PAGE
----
The Aquaculture Stewardship Council (ASC) is launching a public consultation on what it is calling "major improvements" to its certification program, which include an aligned farm standard covering all certified species.

Currently, the ASC manages a number of separate farm standards covering different species. While those standards all provide a set of environmental and social requirements, they can vary on some areas that are common across aquaculture.

The aligned standard will cover all of these common impacts in one “robust and thorough standard," which includes species-specific requirements, but also impacts that are common to most aquaculture production methods such as siting, energy emissions, escapes and water use.

This means that culture-system impacts will be “holistically covered” while species-specific impacts will be retained.

By developing one comprehensive standard covering all these impacts, ASC said it will be able to respond to changes in the markets and industry more swiftly.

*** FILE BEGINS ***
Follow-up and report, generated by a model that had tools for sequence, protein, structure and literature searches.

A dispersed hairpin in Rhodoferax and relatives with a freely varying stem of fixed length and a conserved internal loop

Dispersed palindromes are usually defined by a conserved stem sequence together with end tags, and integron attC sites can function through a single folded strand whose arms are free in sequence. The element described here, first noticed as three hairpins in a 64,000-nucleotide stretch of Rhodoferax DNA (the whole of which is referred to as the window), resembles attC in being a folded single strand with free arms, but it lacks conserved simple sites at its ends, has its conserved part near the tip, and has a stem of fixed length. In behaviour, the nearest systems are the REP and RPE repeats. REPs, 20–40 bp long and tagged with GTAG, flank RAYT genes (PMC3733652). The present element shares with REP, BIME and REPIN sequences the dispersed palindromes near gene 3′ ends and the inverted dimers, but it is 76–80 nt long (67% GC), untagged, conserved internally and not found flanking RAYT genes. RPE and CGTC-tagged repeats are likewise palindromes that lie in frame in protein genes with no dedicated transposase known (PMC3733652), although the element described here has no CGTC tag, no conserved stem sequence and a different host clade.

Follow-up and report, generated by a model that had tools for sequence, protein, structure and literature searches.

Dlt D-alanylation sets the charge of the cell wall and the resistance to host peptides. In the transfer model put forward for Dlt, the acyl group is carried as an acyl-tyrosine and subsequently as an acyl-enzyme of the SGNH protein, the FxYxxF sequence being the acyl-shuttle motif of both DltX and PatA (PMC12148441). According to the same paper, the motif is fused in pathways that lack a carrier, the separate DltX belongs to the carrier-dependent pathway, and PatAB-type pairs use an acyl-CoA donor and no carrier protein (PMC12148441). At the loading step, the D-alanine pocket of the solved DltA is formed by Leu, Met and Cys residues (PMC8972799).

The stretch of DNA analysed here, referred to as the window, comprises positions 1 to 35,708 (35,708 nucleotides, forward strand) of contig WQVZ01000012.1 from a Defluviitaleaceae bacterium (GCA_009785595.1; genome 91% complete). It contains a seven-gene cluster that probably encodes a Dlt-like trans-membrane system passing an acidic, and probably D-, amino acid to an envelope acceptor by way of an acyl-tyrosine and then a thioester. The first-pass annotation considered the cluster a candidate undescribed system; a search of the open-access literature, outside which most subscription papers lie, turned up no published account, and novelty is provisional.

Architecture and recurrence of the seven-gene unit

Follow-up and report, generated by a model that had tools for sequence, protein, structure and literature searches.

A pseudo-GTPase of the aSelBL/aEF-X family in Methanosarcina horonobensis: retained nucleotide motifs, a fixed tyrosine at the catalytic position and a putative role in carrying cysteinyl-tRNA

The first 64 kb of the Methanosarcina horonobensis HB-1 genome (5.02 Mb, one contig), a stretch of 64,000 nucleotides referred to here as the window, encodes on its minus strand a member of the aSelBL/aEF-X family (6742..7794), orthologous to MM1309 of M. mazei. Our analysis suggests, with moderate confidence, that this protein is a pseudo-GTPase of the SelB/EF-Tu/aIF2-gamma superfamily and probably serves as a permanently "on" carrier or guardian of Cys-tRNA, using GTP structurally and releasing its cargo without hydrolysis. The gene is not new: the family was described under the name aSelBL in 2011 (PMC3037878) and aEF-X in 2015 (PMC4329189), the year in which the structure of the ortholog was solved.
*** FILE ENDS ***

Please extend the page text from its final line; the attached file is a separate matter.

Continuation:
ASC is also considering expanding its Chain of Custody (CoC) requirements, which provide traceability along the entire supply chain, ensuring that only certified seafood is sold with the ASC label.

Since 2012, ASC has used the Marine Stewardship Council’s (MSC) CoC certification to cover ASC-certified product supply chains, but additional requirements are needed due to differences in producing farmed and wild seafood.

The new requirements will be in addition to the existing MSC CoC requirements, and will apply only to ASC CoC certificate holders.

As the ASC program grows, a new suite of assurance activities and tools to address emergent issues such as seafood fraud, food safety and use of substances such as antibiotics are needed, said ASC.

“Both of these consultations concern important innovations in the ASC program, and as always we want to use the knowledge and experience of our stakeholders to ensure these improvements are as effective as they can be,” said ASC CEO Chris Ninnes.

The consultations will run for two months, from March 8 to May 7.